Considered together, results from the studies of apixaban for VTE prophylaxis after total knee replacement or total hip replacement demonstrated that apixaban was superior to enoxaparin sodium 40 mg once daily but not to enoxaparin sodium 30 mg twice daily for the prevention of VTE. Safety results indicated significantly less bleeding with apixaban compared with enoxaparin sodium 30 mg twice daily but not with enoxaparin sodium 40 mg once daily. Notably, the majority of events contributing to the primary endpoint in each of these studies were asymptomatic VTEs. For example, in ADVANCE-3, 27 events contributed to the primary endpoint composite for apixaban compared with 74 for enoxaparin, but symptomatic VTE or death from VTE comprised only 4 events for apixaban and 10 events for enoxaparin. The patterns of results were similar in both ADVANCE-1 and ADVANCE-2.[49,50]

VTE Prevention in Patients Hospitalized With Acute Medical Illness

Despite the fact that patients hospitalized with acute medical illness are at risk for VTE, prophylaxis against VTE is underutilized.[52] Results from one large-scale analysis indicated that the risk for VTE was approximately 1% in a sample of acutely ill patients who were hospitalized for longer than 2 days.[53] The American College of Chest Physicians has recommended that such patients receive thromboprophylaxis with LMWH, low-dose unfractionated heparin, or fondaparinux, and it recognized that the risk for VTE may extend beyond the time of hospital discharge.[54] This view is supported by results of the EXCLAIM trial, which found that extending the duration of enoxaparin administration from 10 to 28 days in acutely ill medical patients with reduced mobility decreased the frequency of VTE compared with placebo from 4.0% to 2.5%, while increasing major bleeding from 0.3% to 0.8%.[55]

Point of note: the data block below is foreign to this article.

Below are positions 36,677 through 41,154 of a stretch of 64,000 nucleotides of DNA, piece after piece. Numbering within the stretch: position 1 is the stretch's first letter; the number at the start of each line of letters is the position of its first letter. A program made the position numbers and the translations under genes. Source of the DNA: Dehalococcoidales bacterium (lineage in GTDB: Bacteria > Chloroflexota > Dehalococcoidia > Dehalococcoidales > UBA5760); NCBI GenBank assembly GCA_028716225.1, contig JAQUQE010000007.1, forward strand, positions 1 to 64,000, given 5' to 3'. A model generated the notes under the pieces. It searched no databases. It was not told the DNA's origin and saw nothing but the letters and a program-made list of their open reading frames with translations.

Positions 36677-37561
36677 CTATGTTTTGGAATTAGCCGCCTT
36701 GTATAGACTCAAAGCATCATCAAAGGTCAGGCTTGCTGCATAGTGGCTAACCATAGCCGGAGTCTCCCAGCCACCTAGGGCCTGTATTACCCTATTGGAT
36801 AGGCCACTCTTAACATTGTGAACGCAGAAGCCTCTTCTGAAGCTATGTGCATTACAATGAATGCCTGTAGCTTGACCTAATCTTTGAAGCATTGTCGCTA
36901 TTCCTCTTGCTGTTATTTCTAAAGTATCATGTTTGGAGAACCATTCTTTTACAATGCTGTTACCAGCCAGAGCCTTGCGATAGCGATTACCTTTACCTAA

ADOPT was a Phase III trial that compared the effectiveness of apixaban 2.5 mg twice daily for 30 days with standard enoxaparin therapy for the prevention of VTE in patients hospitalized with acute illness ( Table 2 ).[56] The primary efficacy outcome (composite endpoint of death related to VTE, pulmonary embolism, symptomatic deep vein thrombosis, or asymptomatic proximal leg deep vein thrombosis detected by ultrasonography on day 30) among evaluable patients occurred in 2.71% of patients in the apixaban group and 3.06% of patients in the enoxaparin group (RR, 0.87; 95% CI, 0.62–1.23; p = 0.44). The primary safety outcome of major bleeding occurred in 0.47% and 0.19% of patients in the apixaban and enoxaparin groups, respectively (RR, 2.58; 95% CI, 1.02–7.24; p = 0.04).